Francis was then asked if he anticipates Wieskamp having a sizable role next season.

"We expect him to come in and compete," he responded. "We expect him to want to have a role right away. Now, what happens from there, obviously, only time will tell that. But he’s a guy that’s really developed, and he’s a guy that, as you watch him now, you say to yourself, ‘OK, he’s college-ready.’ But he still has to get accustomed to the speed, physicality, all the nuances of college basketball."

Switching over to Fredrick, Francis said “that is big-time” in reference to the Kentucky product committing to the Hawkeyes before he had a guaranteed scholarship.

"I mean, that's the ultimate, when you think about it," Francis said. "That’s a guy that you can say to yourself was all-in before he even got here. To have that level of commitment from a young guy that had options — scholarship options — to have that, obviously meant a great deal to us. 

"When you have a young guy that says to you, ‘Boy, I really like what you guys are doing. I really want to be a part of that.’ That says a lot in my opinion. Guys that want to come and be a part of what you’re growing."

Oskaloosa's Xavier Foster (34) shoots a free throw during the Indian's basketball game against Pella Christian on Friday, Dec. 1, 2017, in Oskaloosa.

Balancing 2019 and 2020

The Hawkeyes will compete with the bluebloods of college basketball for Oskaloosa’s Xavier Foster, a five-star 2020 power forward who checked in at No. 19 in Rivals’ latest class rankings. They’re already in a full-throttle pursuit, along with Creighton and Iowa State. Foster also holds offers from Missouri, Illinois and Texas A&M, with many more on the way.

Iowa also offered Jalen Suggs, a five-star 2020 point guard from Minneapolis, last November. Francis is thought the be the lead recruiter here.

The Hawkeyes have also expressed early interest in Norwalk point guard Bowen Born.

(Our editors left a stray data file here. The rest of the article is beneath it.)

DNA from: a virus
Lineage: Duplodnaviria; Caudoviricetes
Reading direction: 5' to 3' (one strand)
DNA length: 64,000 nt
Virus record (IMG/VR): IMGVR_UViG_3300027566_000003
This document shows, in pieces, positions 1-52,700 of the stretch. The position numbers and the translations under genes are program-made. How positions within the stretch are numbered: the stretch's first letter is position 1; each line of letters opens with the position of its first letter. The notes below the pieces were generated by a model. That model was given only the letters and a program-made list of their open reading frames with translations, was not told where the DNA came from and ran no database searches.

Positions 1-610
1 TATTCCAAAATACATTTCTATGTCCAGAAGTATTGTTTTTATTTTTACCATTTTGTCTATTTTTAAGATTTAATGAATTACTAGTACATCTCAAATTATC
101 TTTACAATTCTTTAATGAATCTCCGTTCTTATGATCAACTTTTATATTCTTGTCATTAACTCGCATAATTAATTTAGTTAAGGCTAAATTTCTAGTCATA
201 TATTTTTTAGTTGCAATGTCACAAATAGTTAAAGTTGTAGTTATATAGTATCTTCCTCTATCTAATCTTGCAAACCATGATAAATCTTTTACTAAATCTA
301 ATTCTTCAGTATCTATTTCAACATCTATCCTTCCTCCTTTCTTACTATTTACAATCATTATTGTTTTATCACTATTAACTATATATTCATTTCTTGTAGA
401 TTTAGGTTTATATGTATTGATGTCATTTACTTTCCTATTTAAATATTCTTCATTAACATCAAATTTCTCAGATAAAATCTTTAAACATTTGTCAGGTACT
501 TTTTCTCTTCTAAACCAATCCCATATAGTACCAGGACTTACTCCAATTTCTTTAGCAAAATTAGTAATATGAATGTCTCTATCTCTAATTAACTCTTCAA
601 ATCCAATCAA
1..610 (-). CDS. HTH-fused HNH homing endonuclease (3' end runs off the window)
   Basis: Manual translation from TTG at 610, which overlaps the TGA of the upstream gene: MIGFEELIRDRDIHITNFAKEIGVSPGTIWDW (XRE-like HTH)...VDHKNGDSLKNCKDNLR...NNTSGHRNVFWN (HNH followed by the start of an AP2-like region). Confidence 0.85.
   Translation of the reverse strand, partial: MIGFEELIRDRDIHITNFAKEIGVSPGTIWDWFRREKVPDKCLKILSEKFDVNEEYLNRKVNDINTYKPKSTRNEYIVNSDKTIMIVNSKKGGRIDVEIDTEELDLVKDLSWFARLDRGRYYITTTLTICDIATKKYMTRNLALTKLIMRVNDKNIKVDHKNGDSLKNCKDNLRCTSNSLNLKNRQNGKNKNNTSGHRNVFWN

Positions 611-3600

Francis discussed balancing 2019 priorities with early 2020 recruiting action.

"You have to understand what you’ve got to do now, but you’ve always got to be thinking about the future and you’ve always got to be planning for the future," he said. "So, all of the guys we have recruited who are in that 2020 — maybe even some 2021 kids that you’ve got to start paying attention to — you have to make sure you stay connected to coaches, whether it’s AAU coaches, high school coaches, high school assistant coaches.

“Right now, we’re on some good players in 2020, obviously 2019. And recruiting changes every year based on what happens with your team. So, every year, you’ve got to evaluate where your team is, does anyone on your team feel the need for a change, you’ve got to reevaluate that. And if that does happen, look we lost Christian Williams — we didn't see that one coming."

How did Williams’ transfer change things?

"It affected us, obviously," Francis said. "We looked at him as a veteran guy —  guy who understood how to compete at this level. A guy who brought some stability to the point guard spot. So there was an expectation that he would be there to help. But you always are prepared for different things, just like in a game you've got to make adjustments, and we had to make the adjustments. I think the thing that hurt more than anything, more so than him leaving, was Connor McCaffery getting sick. That obviously wasn't expected. We wouldn’t have felt as much of the sting as we’ve felt if Connor didn't get sick."

Matthew Bain covers college football and basketball recruiting for the Des Moines Register. He also helps out with Iowa and Iowa State football and basketball coverage for HawkCentral and Cyclone Insider. Contact him at and follow him on Twitter @MatthewBain_.